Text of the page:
Similarly, on Friday when I set up this little challenge, I immediately started to panic that all I would eat was junk! Did I eat a little differently than normal? Yeah, I did, but not in a completely horrific, I am going to die because I stuffed my body with all these toxic foods, kind of way. In fact by Saturday afternoon I was ready for a nice refreshing salad, some seriously spicy hummus, a honey-crisp apple, some yogurt, etc. I wasn’t gorging myself on chips and cake, but I did actually bake something that I ate and it wasn’t the lowest calorie recipe I could find.
I feel like if you can let go just a little bit, your body balances what it wants. I know Ryan always tells me when doctors will order pizza at work, or they have a party to celebrate something, he will eat the lunch I pack him PLUS pizza, cake, cookies, chips, whatever is there that he thinks looks good. But then the next day when he comes home and I ask what he wants for breakfast, he usually says he needs a few hours for his stomach to digest, or he just wants some fruit salad and cereal. People without food issues don’t really think about it, but their bodies naturally crave a balance. I’m hoping I get to that point someday too.
Taking the half-ass approach or as the authors of Intuitive Eating describe, “pseudo-permission” to eat anything they want, was definitely my biggest downfall.
You may physically try a food that once was forbidden but what are you saying to yourself as its being consumed? Or if you are a chocolate lover and you really want to taste chocolate do you buy a Fiber One 90 calorie brownie, or are you going to try a Ghirardelli square.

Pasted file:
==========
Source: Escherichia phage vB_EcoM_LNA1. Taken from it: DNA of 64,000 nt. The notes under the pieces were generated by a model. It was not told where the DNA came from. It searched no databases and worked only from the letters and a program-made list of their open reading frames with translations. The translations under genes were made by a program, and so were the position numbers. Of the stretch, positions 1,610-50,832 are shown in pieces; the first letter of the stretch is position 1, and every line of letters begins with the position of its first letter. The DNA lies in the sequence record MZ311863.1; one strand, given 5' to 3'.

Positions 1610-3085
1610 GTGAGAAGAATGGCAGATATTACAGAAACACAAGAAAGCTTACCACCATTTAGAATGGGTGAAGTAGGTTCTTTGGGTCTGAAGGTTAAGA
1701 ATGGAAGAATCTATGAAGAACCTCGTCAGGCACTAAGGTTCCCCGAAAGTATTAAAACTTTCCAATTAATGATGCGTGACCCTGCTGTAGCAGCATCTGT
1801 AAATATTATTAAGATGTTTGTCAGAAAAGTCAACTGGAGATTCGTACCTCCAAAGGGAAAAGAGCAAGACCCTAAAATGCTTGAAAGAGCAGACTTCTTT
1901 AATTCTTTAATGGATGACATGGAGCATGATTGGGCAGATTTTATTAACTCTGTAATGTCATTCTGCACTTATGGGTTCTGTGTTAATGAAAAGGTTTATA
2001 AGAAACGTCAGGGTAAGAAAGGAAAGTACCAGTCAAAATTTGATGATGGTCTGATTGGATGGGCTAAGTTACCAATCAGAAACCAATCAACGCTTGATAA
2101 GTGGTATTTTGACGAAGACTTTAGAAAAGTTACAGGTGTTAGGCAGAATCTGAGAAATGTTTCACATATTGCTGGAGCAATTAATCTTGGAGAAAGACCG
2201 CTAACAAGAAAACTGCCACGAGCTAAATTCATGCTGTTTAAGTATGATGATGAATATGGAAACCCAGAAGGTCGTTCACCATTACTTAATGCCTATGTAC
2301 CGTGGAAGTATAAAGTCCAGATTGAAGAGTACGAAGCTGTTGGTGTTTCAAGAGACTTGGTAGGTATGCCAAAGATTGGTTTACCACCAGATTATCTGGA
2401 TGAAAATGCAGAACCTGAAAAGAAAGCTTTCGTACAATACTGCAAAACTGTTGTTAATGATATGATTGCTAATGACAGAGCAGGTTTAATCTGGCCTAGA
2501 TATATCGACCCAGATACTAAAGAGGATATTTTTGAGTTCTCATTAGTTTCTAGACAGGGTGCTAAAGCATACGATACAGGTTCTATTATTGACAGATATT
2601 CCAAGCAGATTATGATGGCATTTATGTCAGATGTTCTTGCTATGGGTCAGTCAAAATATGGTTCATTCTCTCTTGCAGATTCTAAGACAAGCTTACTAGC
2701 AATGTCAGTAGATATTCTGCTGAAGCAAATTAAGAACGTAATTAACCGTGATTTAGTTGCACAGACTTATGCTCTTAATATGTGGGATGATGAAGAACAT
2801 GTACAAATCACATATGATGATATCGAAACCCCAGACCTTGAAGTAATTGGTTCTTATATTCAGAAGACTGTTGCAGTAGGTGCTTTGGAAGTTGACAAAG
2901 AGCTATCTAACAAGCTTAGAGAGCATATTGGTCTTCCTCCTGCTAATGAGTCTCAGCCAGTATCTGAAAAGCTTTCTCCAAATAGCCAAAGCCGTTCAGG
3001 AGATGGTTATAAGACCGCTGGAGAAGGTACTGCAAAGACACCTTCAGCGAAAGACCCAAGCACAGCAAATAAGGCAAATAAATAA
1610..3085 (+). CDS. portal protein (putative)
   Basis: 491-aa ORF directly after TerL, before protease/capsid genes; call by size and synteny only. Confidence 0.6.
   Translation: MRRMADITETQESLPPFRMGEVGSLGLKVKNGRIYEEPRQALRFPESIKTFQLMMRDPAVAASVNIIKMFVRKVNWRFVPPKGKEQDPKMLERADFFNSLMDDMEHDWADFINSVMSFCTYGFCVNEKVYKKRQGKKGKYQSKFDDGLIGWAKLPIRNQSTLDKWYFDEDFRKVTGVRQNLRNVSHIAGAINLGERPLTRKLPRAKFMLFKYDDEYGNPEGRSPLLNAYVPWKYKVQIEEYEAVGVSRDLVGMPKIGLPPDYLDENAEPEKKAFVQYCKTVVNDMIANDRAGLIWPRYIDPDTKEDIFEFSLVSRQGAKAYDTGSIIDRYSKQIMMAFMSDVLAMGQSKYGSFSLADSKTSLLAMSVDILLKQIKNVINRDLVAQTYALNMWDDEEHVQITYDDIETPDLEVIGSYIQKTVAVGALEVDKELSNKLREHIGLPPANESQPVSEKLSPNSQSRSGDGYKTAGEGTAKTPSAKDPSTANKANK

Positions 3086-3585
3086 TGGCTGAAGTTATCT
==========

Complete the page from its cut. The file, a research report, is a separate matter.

I am so guilty of these two things.
My meal plan is essentially 4 meals and 1 smaller snack. That may sound weird but that’s how my body gets hungry, and for my later night meal, I sometimes am hungrier than I would like. This weekend I allowed myself to honor that but had serious consideration before I made my selections…“what will make me the most full on the least amount of calories…if I have extra now I can take away some at breakfast…eat this cookie today because after this weekend its back to a strict meal plan!…”
If you are berating yourself mentally the second something labeled “bad” goes into your mouth, or you eat more than “normal” and call it a binge, then it really doesn’t count as being true to the experiment.
You (AND ME) are not really freeing yourself, or giving permission to enjoy the food your body wants, and should have occasionally! In fact, with each negative comment you are essentially keeping a restrictive, diet-happy, mindset. News flash, that does not take away the categorization of foods, hunger, or the luster of its prohibition.
I mean, if you “give into” your chocolate craving by substituting a diet brownie, you are still making REAL chocolate illicit, right? If at first you have to try buying individually wrapped pieces, or single servings of a fear (as I described in my earlier post about confronting carbs!) to make it a little easier, that is perfectly ok! It might also help to read the nutritional information for one square of chocolate, where you will find that a moderate portion of the real deal is pretty equal to the diet dessert. It is also likely you will consume less because the taste is more authentic and satisfying, and ultimately the calories will be the same, or less because of these two facts. Plus, take a peak at the label on those “good” brownies…how many of the ingredients can you actually pronounces, or read for that matter? My guess is very few.
So between my fears of uncontrollable eating, making ONLY unhealthy choices, and the mentality that this was the only weekend I would ever permit myself such freedom, I feel like it kind of clouded the results. I didn’t really FREE MYSELF, but on the positive, I obviously learned what I need to change for next time, how to perhaps reframe my thoughts, and I did try some new stuff that made me proud of myself…
- A REAL EGG (not Egg Beaters or an egg white…an honest to goodness egg from the farmers market!!)
- Melissa inspired mini-muffies
- Granola on top of French toast
- BUTTER (I told you all my major fear of this, and I am sad to report, this was one of those things I considered SOOOOO bad, and when I tried it, I didn’t even care for the taste!)
Do you have fear foods or categorize specific items as good or bad?